Soon after graduating from college I worked as a psychological counselor in a state penitentiary. There I met many inmates who had paid dearly with years of their life for momentarily following the calling of thoughts - of lust, greed or anger - that resulted in rape, robbery, violence, or even murder. They were the first to tell me they had succumbed to intrusive thinking, which only in retrospect could they see had brought them trouble; and that if only they had listened to their voice of reason and conscience, they wouldn’t be where they were today.
We should be cautious of claiming all thoughts or voices in our head as our own. Some 12-step groups have included this under the label of "stinking thinking" - negative thinking that gets us into trouble and is not beneficial to our real self.
Richard Rose - master psychologist and Zen teacher - laid this out plainly in a lecture: "I’m talking about voices; you actually have a voice talking inside you, an argument going on, two sides of a question. This happens with everything you do. The voice that says do it and the voice that says don’t."  So one of these voices is obviously more real than the other.
Native-American Indian culture has recognized that not all thoughts are our own, or beneficial to the host. Beau Washington, a practicing Cherokee psychological counselor calls such divisive thought patterns "Coyote" or "Trickster thoughts," saying, "Trickster thoughts are misleading because they fool us into believing things that seem true." He adds, "These kinds of Tricksters are not talked about. They are sly and hide in one’s mind, and they start to bring a person down." 
Consequently, in the beginning of observing your thoughts, you have to identify firsthand what is not the voice of your true inner self.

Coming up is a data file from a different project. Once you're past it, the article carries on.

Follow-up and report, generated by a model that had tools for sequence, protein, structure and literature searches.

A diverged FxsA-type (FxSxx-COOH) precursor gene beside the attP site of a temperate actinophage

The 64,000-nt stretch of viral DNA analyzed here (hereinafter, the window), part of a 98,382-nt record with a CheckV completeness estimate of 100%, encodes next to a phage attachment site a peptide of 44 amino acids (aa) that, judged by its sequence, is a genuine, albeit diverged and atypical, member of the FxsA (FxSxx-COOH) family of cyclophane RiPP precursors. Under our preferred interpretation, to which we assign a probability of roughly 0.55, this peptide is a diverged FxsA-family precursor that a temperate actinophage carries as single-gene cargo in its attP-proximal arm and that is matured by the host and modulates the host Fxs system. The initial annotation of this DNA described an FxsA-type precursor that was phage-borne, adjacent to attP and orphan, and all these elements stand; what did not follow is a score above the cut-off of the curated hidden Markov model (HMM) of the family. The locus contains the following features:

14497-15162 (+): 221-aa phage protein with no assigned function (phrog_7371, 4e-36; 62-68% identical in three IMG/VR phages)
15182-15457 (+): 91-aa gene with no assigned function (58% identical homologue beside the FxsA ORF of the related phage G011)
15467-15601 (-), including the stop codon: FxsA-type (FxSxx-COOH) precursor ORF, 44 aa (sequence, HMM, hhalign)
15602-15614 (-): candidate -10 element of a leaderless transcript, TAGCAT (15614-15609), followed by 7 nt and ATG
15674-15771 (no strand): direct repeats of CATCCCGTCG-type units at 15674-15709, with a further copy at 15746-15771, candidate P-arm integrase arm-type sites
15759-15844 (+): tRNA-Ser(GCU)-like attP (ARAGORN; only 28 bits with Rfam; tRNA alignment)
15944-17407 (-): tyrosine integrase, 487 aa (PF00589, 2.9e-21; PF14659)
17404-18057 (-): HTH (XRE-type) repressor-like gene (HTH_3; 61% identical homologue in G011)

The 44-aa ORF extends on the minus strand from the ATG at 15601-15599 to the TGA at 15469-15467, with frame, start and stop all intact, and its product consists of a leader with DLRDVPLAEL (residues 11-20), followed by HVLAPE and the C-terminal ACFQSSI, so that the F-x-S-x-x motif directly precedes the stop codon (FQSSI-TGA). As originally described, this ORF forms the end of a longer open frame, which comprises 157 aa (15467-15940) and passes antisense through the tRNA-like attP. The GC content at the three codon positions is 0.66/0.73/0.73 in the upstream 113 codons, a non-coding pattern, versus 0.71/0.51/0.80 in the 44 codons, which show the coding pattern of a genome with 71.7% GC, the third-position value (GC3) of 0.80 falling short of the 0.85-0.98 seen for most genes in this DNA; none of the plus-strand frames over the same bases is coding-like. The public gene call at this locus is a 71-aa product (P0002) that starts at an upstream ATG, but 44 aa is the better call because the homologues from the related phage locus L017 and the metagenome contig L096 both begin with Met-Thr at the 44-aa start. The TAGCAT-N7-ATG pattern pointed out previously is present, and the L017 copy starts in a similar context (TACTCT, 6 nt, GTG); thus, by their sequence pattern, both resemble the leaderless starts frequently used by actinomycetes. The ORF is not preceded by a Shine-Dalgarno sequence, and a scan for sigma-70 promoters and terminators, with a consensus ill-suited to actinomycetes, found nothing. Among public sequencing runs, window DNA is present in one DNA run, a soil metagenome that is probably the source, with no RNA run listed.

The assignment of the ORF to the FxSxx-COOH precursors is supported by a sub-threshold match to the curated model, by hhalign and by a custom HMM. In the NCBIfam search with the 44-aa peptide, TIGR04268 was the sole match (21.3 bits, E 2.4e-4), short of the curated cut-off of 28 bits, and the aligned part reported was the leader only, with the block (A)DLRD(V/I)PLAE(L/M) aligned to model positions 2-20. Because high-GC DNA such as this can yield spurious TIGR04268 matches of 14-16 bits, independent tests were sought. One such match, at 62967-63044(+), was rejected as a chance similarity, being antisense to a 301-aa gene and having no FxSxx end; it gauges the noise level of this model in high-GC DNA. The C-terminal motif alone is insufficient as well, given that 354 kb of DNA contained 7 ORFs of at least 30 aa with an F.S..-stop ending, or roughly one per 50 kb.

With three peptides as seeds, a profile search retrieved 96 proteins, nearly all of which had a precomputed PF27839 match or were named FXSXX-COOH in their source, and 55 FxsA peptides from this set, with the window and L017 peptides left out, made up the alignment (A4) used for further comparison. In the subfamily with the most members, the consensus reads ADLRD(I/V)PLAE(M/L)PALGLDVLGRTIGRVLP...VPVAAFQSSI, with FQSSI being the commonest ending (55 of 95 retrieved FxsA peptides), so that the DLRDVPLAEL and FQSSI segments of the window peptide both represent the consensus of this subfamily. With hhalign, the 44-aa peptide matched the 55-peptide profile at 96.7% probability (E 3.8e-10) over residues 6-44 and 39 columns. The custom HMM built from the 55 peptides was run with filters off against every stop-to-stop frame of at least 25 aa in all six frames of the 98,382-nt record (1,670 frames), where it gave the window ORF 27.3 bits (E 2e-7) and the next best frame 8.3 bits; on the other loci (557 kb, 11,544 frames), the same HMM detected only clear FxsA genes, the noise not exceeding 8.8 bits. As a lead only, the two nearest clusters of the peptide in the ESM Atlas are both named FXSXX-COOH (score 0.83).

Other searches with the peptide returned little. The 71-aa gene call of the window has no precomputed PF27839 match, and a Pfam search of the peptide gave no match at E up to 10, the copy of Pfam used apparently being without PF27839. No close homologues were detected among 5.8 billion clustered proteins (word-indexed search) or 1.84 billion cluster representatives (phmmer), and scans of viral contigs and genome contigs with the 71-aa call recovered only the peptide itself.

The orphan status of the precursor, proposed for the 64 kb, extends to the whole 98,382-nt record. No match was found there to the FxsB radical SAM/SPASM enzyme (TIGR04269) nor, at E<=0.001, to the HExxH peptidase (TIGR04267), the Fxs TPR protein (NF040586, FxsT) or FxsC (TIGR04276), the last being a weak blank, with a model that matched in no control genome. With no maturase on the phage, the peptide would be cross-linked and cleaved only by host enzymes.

When it comes to method - the ways and means we are going to employ to bring about lasting change - we are going to begin at ground zero, with no postulations in advance other than our wish to find mental clarity and wholeness. This is unlike modern psychology which postulates what the problem might be, and then creates through additive means what the therapy should be.
We begin with the understanding that we don't know where our mental clarity has gone, nor how to regain it - but we're willing to examine everything about our current state of mind, looking for clues as to what is troubling us. Since we can’t think or talk our way to mental clarity, it make sense in the beginning just to see whether we can identify factors that are offending or fracturing it, with the idea of eventually removing those factors.
In other words, we employ a system of moving away from what are found to be untrue or false voices - recognized as negative, fragmenting influences on our minds. If we are troubled by obsessive thoughts urging us to gamble, drink, use drugs, or look at porn - to cure ourselves from these obsessive behaviors we first need to deal with the obsessive thoughts.
This is a no-nonsense, common sense method of purifying the thought processes, as is detailed in The Albigen Papers  by Richard Rose, whom I knew and worked with. It is the system that worked for me, which helped me to regain my sanity. It is a subtractive rather than an additive psychology. As Rose stated in a talk, "You are sorting garbage. You retreat, you step backward, you don’t postulate and attack face-on ... You step away by studying stuff [within yourself] and rejecting ... It is the only process you can follow." 
According to Rose, the Albigen System was designed for the spiritual seeker who is looking for Truth but does not know how to find it. Since one does not know what Truth or God is, the only sure path is to back away from what is found in oneself to be untruth: lies, false ego, or as Rose plainly put it, garbage. However, there are many parallels between the search for mental clarity and the search for one’s ultimate definition, and the same ways and means can be appled to both. Both require honesty with oneself, commitment, and a willingness to work.
If "Certain things destroy mental clarity,"  as Rose stated in a lecture, then dealing with those "things" by removing them, as we would do with a festering splinter, can ultimately return us to mental clarity and wholeness of mind, and beyond.